In the late 1990s, during archaeological excavations at Caerlaverock Castle, three small fragments of Islamic glass were discovered.
But what well-kept secret can these tiny shards tell that were found on the hall floor of the ‘old’ Caerlaverock Castle?
A unique discovery
The little shards most likely were part of a drinking beaker. You can still see that the fragments are decorated with Arabic inscriptions. The largest piece includes part of the word “eternal” which means the inscription on the drinking beaker could have been an extract from the Qur’an.
Nowhere else in Scotland have archaeological excavations uncovered glass of this type and origin! The question is: where did it come from?
Through the glass of time
Manufactured glass dates back to around 2500BC and it first appeared in Northern Mesopotamia (modern-day Iraq). The Middle East continued to be the main producer of glass until the later Middle Ages.
The Islamic glass fragments that were found at Caerlaverock Castle date to the 12th or 13th century and may have been made in modern-day Syria, Iraq or Egypt.
Perhaps the drinking beaker could have come to Scotland by trade. Or someone fighting in the crusades may have brought it back here.
Scientific analysis has shown that there would once have been red and gold decorations as well as the blue and white traces which are still visible. These colours were commonly used for glass decoration at the time.
Under the (scientific) looking glass
Through funding from the AHRC Capability for Collections Fund, we were able to upgrade the heritage science equipment to a portable X-ray fluoresce (pXRF) instrument. The X-ray fluorescence (XRF) technique allowed our experts to identify the chemical elements of the fragment materials without damaging them.
We were able to determine the chemical elements of the glass which gave further clues to the origin of the fragments.
We discovered that soda, lime and silica glass are the basic makeup of the glass. This is very typical for glassmaking in the Middle East in the 13th century.
The origin of the soda in the glass could be a second clue about where the glass is from. There are two types of glass in this form. One type of glass is made using soda from the ashes of plants. The other type uses soda from natron… which is a naturally occurring salt from Wadi Natrun in Egypt!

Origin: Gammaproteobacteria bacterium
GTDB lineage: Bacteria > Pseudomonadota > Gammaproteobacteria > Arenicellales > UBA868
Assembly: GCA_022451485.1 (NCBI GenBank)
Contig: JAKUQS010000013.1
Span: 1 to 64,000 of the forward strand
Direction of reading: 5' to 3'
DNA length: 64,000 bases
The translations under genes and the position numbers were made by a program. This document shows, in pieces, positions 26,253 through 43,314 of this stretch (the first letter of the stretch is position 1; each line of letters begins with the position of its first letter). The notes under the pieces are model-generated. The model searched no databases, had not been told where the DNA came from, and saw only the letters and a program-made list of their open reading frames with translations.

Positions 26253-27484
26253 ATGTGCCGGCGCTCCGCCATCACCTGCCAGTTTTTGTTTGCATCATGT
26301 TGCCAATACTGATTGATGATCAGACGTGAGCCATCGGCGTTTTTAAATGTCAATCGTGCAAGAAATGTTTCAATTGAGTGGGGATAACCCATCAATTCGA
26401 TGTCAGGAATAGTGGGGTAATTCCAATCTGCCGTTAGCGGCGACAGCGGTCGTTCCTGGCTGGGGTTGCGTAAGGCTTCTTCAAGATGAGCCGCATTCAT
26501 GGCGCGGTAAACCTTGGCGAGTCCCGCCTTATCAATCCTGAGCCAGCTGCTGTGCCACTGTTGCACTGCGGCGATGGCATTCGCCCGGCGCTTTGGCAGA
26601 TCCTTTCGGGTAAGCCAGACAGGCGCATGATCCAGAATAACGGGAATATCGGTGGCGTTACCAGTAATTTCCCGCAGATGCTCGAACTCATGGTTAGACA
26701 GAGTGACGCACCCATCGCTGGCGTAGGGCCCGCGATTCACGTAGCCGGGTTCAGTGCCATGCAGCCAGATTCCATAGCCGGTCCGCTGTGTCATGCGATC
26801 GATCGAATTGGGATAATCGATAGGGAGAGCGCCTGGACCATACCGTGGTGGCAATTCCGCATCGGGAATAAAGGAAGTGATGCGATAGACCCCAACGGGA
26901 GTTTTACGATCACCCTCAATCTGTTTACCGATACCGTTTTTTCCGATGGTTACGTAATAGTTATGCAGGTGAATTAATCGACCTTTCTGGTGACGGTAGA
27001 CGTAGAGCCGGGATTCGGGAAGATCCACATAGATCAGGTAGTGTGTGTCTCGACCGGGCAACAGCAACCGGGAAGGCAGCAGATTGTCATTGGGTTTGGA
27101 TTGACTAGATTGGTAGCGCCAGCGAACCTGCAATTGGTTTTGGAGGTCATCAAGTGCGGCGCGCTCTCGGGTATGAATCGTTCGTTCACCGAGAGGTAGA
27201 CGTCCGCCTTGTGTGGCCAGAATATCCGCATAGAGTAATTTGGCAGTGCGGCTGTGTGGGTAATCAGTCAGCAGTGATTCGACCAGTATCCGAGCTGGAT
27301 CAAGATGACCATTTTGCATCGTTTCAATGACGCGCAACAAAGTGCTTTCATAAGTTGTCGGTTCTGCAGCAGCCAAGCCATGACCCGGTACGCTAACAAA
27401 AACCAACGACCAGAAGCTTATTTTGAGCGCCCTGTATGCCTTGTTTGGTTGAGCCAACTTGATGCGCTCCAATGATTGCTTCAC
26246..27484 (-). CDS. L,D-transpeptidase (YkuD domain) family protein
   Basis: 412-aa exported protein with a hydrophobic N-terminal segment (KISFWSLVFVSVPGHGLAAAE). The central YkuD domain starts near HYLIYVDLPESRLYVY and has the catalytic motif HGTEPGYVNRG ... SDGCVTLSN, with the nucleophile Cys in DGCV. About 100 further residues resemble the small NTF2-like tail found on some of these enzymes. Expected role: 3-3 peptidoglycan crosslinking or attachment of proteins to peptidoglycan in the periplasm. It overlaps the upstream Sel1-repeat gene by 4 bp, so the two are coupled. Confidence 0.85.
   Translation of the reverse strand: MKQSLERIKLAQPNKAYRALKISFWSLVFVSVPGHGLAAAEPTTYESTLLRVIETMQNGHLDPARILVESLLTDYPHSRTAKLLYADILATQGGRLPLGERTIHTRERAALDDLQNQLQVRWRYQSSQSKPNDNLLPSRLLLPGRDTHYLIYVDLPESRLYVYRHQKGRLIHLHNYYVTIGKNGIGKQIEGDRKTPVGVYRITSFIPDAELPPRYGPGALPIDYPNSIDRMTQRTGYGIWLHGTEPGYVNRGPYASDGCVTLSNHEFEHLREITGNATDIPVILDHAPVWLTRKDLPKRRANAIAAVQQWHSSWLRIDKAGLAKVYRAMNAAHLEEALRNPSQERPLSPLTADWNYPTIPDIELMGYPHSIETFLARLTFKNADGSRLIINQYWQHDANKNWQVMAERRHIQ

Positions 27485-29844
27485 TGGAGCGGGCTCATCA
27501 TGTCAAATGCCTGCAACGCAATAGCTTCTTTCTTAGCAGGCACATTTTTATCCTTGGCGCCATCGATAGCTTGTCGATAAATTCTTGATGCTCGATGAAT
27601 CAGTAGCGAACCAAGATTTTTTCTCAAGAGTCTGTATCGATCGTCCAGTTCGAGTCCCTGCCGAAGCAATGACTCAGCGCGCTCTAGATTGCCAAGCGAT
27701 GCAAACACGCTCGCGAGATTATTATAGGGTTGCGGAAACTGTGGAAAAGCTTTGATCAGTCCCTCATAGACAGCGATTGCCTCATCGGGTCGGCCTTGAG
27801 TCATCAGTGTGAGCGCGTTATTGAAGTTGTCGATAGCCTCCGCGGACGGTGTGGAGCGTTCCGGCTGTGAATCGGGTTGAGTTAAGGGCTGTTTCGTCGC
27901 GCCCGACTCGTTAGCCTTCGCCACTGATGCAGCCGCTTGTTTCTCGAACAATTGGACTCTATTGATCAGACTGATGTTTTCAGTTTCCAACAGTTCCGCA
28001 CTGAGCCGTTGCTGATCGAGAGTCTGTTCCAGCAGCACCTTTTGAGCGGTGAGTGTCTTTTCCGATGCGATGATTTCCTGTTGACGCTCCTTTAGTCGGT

A place in time
In partnership with Glasgow-based Muslim women’s centre Amina, Edinburgh Muslim Scouts group 8th Braid Salaam Scouts and digital artist Alice Martin, we delved deeper into Scotland’s connections to Islam and the Middle East in our past, present and future.
Together, the group learned more about the origin of the pieces of glass and explored Muslim heritage and identity in Scotland today.
This is a journal entry that one of the participants from Amina wrote. It’s a creative writing piece from the perspective of the glass vessel:
نمیدونم اهل کجا هستم در بچگی زمان جنگ من رو از خانوادو کشورم دور کردن ولی از نشانه های
روی بدنم به نظر میاد عرب باشم
من الان در گلاسگو هستم از یه طرف خوشحالم که دارن تلاش میکنن اصالت منو پیدا کنن
از یه طرفم نگران که شاید هیچ وقت به نتیجه نرسن
Hello, I am a glass fragment that you visited the other day. My name is Plate.
To be honest I don’t know where I’m from. As a child, I was separated from my family and country. But from the markings on my body, I imagine I’m Arab. I am in Glasgow now.
On one hand, I’m happy that scientists are trying to find my origins; on the other hand, they may never succeed.
I have a feeling that pieces of my body are buried, perhaps if they are found, it can be the beginning of finding me.
One of the key questions our group pondered was of course, how the glass ended up in Scotland. But we also wanted to find out what the drinking beaker might have looked like.
With the scientific pXRF analysis, historic context and other discoveries of 12th-13th century Middle Eastern drinking vessels Alice was able to create a 3D reconstruction of the glass. Have a closer look!
Looking for more?
Working with Amina and the 8th Braid Salaam Scouts, our Eternal Connections project used funding from the Arts and Humanities Research Council’s Capability for Collections Fund to find out more about the fascinating discovery of the Islamic glass at Caerlaverock Castle.
While we may never know how the fragments ended up in Scotland, they can serve as a looking glass into our shared history with the Middle East.
There is much more to explore! Find out more about the exciting find of the glass and the Eternal Connections project on our ThingLink.
Click here to view the accessible version of this interactive content
Header image: © Crown Copyright Reserved Historic Scotland.
There are many more fascinating objects in our archaeological collections and you can continue the exploration on our blog.